Tuesday, February 8, 2011

Bermuda rock lizard takes an long journey

Rock lizard on rock.
 Imagine you're a lizard living under a rock on the coast-land of South Carolina (officially a state in, oh, 50, 000 years.) You're small--about 3 inches from snout to tail.

You scurry around hunting crickets and crustaceans, bask in the morning sun, and don't expect to leave your coastal abode for your entire 20-year life. But, low and behold, the sky darkens, the wind kicks up in furious, chaotic sweeps. A full blown hurricane picks you up, whirls you around, and drops you back down on the island of Bermuda, about 1,000 km from home rock.

This is what scientists think may have happened to Plestiodon longirostris, the Bermuda Rock Lizard, in the late Pleistocene era. Since volcanoes formed the Bermuda islands 2 million years ago, there was no land bridge or way to walk from their home habitat to their new vacation paradise. And, though humans may have lived in North American as early as 50,000 years ago, it's unlikely they would have had the technology or motivation to sail to Bermuda, lizard in tow. The lizard must have colonized Bermuda somehow.

 "Although we can only speculate how these colonizing individuals dispersed over water, we note that both hurricanes and ocean currents are known to transport living lizards and debris to and from islands, and that the powerful Gulf Stream ocean current runs along eastern North America to the mid-Atlantic Ocean," according the the paper, published in PLoS ONE last week.

Zee island, mon.
Other terrestrial species may have piggy-backed to Burmuda on wind or ocean currents: the Burmuda turtle and a few bird species lived on the island during the Middle Pleistocence (781--126 thousand years ago) according to the fossil record. Other modern species have since found the island as well.

"Another reptile (indeed, the only other potentially native reptile), the diamondback terrapin (Malaclemys terrapin), is a likely very recent immigrant that descended from populations of the same species that currently inhabit the eastern United States," says the recent article.

But, the Bermuda Rock lizard and the recently extinct Bermuda turtle are special: within thousands of years of their maritime odyssey, the mainland species died out. Bermuda has become it's only residence, a phenomenon scientists call paleoendism.

The Bermuda Rock lizard is an ancient species--recent date shows it diverged from it's (clade) about 16million years ago, well before modern Plestiodons existed and well well before the Bermuda island was even formed (2 million years ago.) No fossils of this species have been found in North America. No ancestors of the species exist anywhere in the world today.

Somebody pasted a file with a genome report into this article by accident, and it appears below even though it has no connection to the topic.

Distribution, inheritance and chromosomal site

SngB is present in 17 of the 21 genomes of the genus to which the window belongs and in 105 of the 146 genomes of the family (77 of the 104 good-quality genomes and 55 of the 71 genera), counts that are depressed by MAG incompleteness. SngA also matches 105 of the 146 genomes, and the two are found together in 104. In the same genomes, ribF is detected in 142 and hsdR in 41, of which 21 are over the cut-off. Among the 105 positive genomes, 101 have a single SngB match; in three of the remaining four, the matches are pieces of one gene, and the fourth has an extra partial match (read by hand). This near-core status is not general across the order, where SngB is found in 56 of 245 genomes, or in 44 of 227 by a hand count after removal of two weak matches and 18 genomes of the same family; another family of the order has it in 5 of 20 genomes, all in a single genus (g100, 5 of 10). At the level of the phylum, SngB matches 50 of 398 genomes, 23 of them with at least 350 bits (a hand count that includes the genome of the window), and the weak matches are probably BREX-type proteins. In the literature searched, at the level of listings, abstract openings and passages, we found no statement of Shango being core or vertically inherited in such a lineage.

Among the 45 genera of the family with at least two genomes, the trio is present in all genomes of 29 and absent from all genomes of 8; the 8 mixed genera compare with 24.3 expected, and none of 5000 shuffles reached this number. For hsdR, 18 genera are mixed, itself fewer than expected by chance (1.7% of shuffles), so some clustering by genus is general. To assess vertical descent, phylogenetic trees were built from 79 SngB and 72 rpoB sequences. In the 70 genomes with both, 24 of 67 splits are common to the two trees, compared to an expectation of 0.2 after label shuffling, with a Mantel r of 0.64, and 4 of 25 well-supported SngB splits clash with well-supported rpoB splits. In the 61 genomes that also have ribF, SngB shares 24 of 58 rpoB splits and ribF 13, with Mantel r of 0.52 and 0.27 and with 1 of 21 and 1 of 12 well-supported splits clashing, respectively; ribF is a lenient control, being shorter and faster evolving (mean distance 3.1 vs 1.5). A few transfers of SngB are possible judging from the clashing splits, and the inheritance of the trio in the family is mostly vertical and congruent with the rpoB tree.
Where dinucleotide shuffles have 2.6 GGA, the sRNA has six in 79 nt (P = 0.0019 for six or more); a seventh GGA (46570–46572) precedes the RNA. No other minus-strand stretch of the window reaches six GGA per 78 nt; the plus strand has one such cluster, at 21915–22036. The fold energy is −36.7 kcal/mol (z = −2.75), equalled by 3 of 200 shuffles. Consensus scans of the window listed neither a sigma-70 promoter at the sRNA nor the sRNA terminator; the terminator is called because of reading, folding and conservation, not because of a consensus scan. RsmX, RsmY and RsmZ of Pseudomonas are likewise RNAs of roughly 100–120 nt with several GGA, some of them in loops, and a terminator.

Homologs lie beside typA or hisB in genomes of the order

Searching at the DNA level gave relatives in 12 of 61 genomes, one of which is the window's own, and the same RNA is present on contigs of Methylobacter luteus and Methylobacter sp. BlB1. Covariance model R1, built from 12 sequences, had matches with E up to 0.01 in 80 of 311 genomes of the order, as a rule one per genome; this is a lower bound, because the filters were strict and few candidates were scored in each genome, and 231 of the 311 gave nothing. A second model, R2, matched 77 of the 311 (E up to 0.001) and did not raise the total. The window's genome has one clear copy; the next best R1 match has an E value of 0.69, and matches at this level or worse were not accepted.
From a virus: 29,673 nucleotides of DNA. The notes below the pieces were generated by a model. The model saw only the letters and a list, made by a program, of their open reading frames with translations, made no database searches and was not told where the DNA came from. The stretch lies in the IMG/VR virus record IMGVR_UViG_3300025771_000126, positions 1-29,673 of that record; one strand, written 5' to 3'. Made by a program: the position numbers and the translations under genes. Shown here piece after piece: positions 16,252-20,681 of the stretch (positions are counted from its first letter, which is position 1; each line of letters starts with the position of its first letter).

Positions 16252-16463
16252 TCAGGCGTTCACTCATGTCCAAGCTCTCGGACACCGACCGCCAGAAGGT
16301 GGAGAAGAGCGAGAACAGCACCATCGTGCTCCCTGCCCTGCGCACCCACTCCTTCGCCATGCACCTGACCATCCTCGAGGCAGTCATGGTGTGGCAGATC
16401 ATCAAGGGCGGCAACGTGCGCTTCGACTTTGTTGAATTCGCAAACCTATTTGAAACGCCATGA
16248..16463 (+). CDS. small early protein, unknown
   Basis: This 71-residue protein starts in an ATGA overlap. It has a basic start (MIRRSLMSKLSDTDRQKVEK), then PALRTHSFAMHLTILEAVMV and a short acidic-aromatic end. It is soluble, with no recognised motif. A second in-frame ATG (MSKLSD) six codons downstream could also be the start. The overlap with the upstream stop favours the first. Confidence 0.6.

Zee research, mon.
"We are therefore left with the remarkable conclusion that a two million-year-old island contains the sole survivor of an ancient lineage that predates the existence of Bermuda by well over 10 million years."

Eh. Could be overstating it, but you get the point. The Bermuda Rock lizard's lineage was maintained ONLY through their residence on the island. Hence, the author's compulsion to call their article, "Bermuda as an Evolutionary Life Raft..."

So, what was it about Bermuda that enabled the Bermuda Rock Lizard and the Bermuda turtle to survive? It certainly wasn't a steady habitat. Sea levels in Pleistocene Bermuda were extremely variable, limiting land space and killing off many bird species in the process. Lack of predators could have made life easy for both. (Compounded by the Plestiodons unusual survival technique of thrashing their tale until a predator bites it off. No biggy--they just grow it back.)  The answer is--who knows how they survived. We weren't there to witness it.

There are now estimated to be fewer than 500 Plestiodon longirostris on the island of Bermuda, their only home. In coming years, the lizard species may well mirror the fate of the extinct Bermuda turtle.

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